Epigenetic modifications associated to neuroinflammation and neuropathic pain after neural trauma

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© 2018 Penas and Navarro. Accumulating evidence suggests that epigenetic alterations lie behind the induction and maintenance of neuropathic pain. Neuropathic pain is usually a chronic condition caused by a lesion, or pathological change, within the nervous system. Neuropathic pain appears frequently after nerve and spinal cord injuries or diseases, producing a debilitation of the patient and a decrease of the quality of life. At the cellular level, neuropathic pain is the result of neuronal plasticity shaped by an increase in the sensitivity and excitability of sensory neurons of the central and peripheral nervous system. One of the mechanisms thought to contribute to hyperexcitability and therefore to the ontogeny of neuropathic pain is the altered expression, trafficking, and functioning of receptors and ion channels expressed by primary sensory neurons. Besides, neuronal and glial cells, such as microglia and astrocytes, together with blood borne macrophages, play a critical role in the induction and maintenance of neuropathic pain by releasing powerful neuromodulators such as pro-inflammatory cytokines and chemokines, which enhance neuronal excitability. Altered gene expression of neuronal receptors, ion channels, and pro-inflammatory cytokines and chemokines, have been associated to epigenetic adaptations of the injured tissue. Within this review, we discuss the involvement of these epigenetic changes, including histone modifications, DNA methylation, non-coding RNAs, and alteration of chromatin modifiers, that have been shown to trigger modification of nociception after neural lesions. In particular, the function on these processes of EZH2, JMJD3, MeCP2, several histone deacetylases (HDACs) and histone acetyl transferases (HATs), G9a, DNMT, REST and diverse non-coding RNAs, are described. Despite the effort on developing new therapies, current treatments have only produced limited relief of this pain in a portion of patients. Thus, the present review aims to contribute to find novel targets for chronic neuropathic pain treatment.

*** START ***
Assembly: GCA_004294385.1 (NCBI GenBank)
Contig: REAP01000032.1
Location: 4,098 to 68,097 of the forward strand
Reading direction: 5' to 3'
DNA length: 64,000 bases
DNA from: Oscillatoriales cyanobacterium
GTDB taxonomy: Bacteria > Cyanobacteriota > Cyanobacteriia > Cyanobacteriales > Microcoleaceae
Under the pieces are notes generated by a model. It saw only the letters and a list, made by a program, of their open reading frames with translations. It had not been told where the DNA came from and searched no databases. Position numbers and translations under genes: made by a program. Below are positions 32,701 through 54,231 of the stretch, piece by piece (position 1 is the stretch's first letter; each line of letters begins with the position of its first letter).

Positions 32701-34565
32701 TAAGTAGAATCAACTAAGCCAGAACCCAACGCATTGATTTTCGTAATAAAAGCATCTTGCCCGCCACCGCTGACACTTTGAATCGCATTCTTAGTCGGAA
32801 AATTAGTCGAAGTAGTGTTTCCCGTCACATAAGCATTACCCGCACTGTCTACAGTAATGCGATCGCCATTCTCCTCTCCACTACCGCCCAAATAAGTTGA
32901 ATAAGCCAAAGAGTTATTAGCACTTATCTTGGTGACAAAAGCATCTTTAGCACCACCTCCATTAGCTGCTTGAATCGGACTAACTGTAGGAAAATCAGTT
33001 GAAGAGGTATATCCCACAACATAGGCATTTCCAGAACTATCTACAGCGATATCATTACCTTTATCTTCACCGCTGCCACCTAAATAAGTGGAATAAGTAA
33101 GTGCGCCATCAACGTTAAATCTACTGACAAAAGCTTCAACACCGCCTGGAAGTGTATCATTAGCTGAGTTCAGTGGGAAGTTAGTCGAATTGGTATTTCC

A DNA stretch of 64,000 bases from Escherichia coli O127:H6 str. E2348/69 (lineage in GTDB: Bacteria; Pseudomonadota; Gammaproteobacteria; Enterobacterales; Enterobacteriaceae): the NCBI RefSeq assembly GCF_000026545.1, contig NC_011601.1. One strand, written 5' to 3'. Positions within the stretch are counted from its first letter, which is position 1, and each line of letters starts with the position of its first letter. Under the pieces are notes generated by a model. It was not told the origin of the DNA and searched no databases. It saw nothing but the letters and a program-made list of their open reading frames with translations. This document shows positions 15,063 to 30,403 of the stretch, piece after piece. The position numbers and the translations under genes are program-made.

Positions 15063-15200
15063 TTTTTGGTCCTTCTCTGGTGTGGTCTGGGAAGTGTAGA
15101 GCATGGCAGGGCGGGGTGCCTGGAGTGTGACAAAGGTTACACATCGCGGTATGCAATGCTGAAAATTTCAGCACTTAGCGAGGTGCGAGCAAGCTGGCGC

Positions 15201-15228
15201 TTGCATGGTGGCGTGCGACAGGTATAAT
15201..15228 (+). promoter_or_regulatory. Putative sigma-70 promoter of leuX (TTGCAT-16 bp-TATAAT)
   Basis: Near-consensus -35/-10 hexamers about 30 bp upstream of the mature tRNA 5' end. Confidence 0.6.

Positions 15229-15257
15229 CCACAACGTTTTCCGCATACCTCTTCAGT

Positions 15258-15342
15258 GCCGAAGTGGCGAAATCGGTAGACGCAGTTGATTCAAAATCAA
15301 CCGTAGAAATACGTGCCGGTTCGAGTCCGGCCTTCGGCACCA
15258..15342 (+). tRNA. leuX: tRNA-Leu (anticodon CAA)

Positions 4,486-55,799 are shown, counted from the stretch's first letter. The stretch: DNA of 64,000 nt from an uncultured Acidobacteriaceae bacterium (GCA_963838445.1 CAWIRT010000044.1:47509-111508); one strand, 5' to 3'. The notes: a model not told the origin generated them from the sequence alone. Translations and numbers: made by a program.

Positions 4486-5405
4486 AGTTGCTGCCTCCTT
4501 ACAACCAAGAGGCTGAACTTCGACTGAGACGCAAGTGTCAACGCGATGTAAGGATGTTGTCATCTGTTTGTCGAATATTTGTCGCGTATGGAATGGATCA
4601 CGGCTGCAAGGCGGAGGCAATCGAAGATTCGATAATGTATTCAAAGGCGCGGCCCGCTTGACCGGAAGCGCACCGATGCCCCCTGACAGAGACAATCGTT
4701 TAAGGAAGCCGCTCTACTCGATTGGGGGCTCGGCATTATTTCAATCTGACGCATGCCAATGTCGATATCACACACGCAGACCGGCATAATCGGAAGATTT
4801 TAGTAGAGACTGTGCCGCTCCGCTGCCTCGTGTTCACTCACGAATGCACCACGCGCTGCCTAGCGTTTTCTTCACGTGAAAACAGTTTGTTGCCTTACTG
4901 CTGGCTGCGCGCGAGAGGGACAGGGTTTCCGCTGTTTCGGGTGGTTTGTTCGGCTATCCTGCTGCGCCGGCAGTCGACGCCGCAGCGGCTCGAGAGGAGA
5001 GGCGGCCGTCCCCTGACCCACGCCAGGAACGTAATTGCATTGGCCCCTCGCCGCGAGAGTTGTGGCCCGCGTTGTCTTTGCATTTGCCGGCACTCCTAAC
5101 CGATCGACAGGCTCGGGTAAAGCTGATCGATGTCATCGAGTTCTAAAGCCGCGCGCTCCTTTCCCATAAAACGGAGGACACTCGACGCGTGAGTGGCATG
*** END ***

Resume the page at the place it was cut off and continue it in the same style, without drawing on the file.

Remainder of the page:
Original languageEnglish
Article number158
Pages (from-to)1-13
JournalFrontiers in Cellular Neuroscience
Issue number158
Publication statusPublished - 7 Jun 2018


  • Epigenetic enzymes
  • Inflammation
  • Neuronal hyperexcitability
  • Neuropathic pain
  • Traumatic injury


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